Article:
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Kayanerenkó:wa : the Great Law of Peace /
Kayanesenh Paul Williams.
Winnipeg, Manitoba : University of Manitoba Press, [2018]
xii, 454 pages : illustrations, maps ; 25 cm
0887551939, 0887558216, 9780887551932, 9780887555541, 9780887555565, 9780887558214
More Details
Winnipeg, Manitoba : University of Manitoba Press, [2018]
contents note
Part I. Context. Creation -- The land -- The longhouse and the village -- The Haudenosaunee -- Clans -- Personal names -- Ceremonies -- The date of the creation of the League -- Part Ii. The nature of the law : principles and processes. Principles, not details -- Order -- Versions -- Versions, names, and quotations -- Language -- Oral tradition and the rememberers -- Speakers -- The power of song : the Song of Peace -- One family -- Helping one another -- The structure of the law -- Certainty and constancy -- Confrontation is a last resort -- Part III. Bringing the Great Peace. Patterns and principles in the narrative -- The Peacemaker -- Why his name is not spoken -- The Peacemaker meets his own people first -- The white stone canoe -- The man without a nation, without a family -- Mindless warfare -- The Peacemaker and the Cannibal -- Announcing peace -- Skaniatariio John Arthur Gibson?s 1899 version -- Tsikonsaseh : the women's side -- Hiawatha : the man of sorrows -- The first Condolence -- The three words : peace, power, and righteousness -- From individuals to nations -- Mohawk : testing the Peacemaker -- Tekarihoken, Hiawatha, Satekariwateh : the first Mohawk chiefs -- Westward -- Oneida : Odatsehte -- Removing distractions : opening the path and keeping it open -- Standing and walking -- Onondaga : Thadadaho -- Over the woods : Haii Haii -- The pacification of Thadadaho -- Thadadaho?s political interests -- The fire -- The power of unity -- Cayuga -- Seneca : the doorkeepers -- One mind : Ska?níkon:ra -- Unity is power -- Part IV. The constitution. Overview -- The longhouse of one family -- Older and younger brothers -- Onondaga longhouse -- The line down the middle of the longhouse -- Calling council -- Procedure in council -- Thick skins -- Mentors of the people -- The chiefs : permanence of titles -- The cluster : chief, clan mother, sub-chief, faithkeepers, runner -- Clan mothers -- Faithkeepers -- Criteria from becoming a chief -- Raising up chiefs -- The women : landholders and clanholders -- The circle of protection of the law -- Leaving the circle -- Calling people home -- Returning -- Symbols of the law -- The tree of peace -- The great white wampum -- The eagle -- The dish with one spoon : sharing the hunting grounds -- Linking arms together -- The council fire -- The rod or staff -- The wing -- No council after dark -- The birds in the branches -- Considering the coming seven generations -- Life terms -- Head chiefs? -- Specific chiefs have specific duties -- When a chief dies -- Condolence -- Removing a chief -- The right of revolution -- War and peace -- The weakness of the council -- Dealing with the ?warriors? -- The ceremonies : spiritual authority and obligation -- The mother?s line -- The names : continuity -- Citizenship and immigration -- The right of refuge -- Adoption -- Nations leave, nations return -- Pine tree chiefs -- Local or village chiefs -- Maintenance and renewal -- Amendment : adding to the rafters -- Prophecy : things will go wrong -- And in the end -- Closing.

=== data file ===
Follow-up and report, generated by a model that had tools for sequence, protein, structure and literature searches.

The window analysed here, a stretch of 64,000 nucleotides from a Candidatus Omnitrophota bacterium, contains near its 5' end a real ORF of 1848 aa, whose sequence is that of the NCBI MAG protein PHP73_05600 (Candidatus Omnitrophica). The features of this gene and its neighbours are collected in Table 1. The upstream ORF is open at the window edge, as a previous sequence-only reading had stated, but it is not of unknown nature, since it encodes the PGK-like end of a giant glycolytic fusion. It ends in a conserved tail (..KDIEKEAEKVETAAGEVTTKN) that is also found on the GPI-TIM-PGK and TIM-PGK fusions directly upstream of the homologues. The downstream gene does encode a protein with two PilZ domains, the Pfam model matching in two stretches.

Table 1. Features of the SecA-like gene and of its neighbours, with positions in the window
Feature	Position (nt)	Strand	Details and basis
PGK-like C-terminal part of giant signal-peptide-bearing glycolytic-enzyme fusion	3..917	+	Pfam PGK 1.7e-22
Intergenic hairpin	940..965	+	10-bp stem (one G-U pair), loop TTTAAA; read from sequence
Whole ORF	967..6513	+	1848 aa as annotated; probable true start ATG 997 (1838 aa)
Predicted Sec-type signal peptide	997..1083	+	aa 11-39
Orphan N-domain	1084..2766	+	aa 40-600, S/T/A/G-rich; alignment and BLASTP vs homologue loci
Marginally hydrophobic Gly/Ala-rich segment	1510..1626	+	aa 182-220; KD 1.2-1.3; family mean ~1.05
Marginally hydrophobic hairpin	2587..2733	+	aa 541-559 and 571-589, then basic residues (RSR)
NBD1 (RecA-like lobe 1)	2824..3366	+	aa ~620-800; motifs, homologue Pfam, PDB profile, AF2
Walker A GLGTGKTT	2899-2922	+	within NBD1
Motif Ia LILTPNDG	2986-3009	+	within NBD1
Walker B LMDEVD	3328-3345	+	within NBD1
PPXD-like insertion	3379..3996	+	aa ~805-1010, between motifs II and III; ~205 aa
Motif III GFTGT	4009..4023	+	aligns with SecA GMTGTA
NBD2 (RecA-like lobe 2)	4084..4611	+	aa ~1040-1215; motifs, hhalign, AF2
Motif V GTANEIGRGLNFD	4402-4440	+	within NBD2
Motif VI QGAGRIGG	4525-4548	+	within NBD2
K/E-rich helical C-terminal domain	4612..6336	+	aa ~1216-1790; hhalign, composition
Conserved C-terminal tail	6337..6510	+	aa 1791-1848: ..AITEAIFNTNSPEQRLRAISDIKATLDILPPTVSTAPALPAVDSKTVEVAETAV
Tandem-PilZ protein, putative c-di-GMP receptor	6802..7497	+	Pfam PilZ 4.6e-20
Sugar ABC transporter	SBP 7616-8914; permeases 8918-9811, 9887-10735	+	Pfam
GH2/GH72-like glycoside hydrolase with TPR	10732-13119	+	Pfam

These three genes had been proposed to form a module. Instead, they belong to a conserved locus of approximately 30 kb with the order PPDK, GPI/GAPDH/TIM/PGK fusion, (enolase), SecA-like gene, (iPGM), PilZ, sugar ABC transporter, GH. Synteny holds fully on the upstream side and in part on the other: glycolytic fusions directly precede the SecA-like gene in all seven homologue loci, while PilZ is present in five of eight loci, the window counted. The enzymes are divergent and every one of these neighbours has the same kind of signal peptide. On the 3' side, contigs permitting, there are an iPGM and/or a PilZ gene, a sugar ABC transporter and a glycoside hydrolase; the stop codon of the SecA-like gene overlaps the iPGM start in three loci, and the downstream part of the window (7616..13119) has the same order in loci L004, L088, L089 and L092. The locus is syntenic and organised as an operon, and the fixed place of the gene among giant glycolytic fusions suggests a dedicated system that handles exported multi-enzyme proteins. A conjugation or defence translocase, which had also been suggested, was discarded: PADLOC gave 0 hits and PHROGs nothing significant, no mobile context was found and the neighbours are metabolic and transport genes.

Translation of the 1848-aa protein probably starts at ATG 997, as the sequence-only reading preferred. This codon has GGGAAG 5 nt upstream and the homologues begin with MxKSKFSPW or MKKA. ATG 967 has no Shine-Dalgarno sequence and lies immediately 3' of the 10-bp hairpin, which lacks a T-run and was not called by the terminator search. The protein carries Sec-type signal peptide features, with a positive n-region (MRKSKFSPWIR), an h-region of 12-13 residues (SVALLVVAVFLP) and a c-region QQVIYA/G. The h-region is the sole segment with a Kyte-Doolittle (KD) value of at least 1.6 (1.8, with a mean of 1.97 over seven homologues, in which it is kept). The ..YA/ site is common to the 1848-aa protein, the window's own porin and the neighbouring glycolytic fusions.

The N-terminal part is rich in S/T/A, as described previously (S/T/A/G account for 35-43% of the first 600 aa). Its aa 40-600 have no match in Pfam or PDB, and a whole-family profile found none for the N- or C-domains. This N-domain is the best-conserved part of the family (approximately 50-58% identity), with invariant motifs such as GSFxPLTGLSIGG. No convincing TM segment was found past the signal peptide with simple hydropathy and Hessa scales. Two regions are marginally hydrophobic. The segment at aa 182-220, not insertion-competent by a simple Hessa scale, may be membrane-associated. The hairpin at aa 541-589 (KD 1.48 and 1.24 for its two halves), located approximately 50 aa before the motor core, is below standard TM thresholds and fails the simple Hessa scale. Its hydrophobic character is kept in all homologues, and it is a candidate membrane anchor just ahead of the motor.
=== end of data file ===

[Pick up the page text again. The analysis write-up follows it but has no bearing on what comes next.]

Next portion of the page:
local note
This title is part of the Indigenous Perspectives Collection at the Bora Laskin Law LIbrary.
"Several centuries ago, the five nations that would become the Haudenosaunee -- Mohawk, Oneida, Onondaga, Cayuga, and Seneca -- were locked in generations-long cycles of bloodshed. When they established Kayanerenkó:wa, the Great Law of Peace, they not only resolved intractable conflicts, but also shaped a system of law and government that would maintain peace for generations to come. This law remains in place today in Haudenosaunee communities: an Indigenous legal system, distinctive, complex, and principled. It is not only a survivor, but a viable alternative to Euro-American systems of law. With its emphasis on lasting relationships, respect for the natural world, building consensus, and on making and maintaining peace, it stands in contrast to legal systems based on property, resource exploitation, and majority rule. Although Kayanerenkó:wa has been studied by anthropologists, linguists, and historians, it has not been the subject of legal scholarship. There are few texts to which judges, lawyers, researchers, or academics may refer for any understanding of specific Indigenous legal systems. Following the United Nations Declaration on the Rights of Indigenous Peoples, and a growing emphasis on reconciliation, Indigenous legal systems are increasingly relevant to the evolution of law and society. In Kayanerenkó:wa Great Law of Peace Kayanesenh Paul Williams, counsel to Indigenous nations for forty years, with a law practice based in the Grand River Territory of the Six Nations, brings the sum of his experience and expertise to this analysis of Kayanerenkó:wa as a living, principled legal system. In doing so, he puts a powerful tool in the hands of Indigenous and settler communities."--Provided by publisher.
language note
Text in English.
catalogue key
Includes bibliographical references (pages 433-445) and index.

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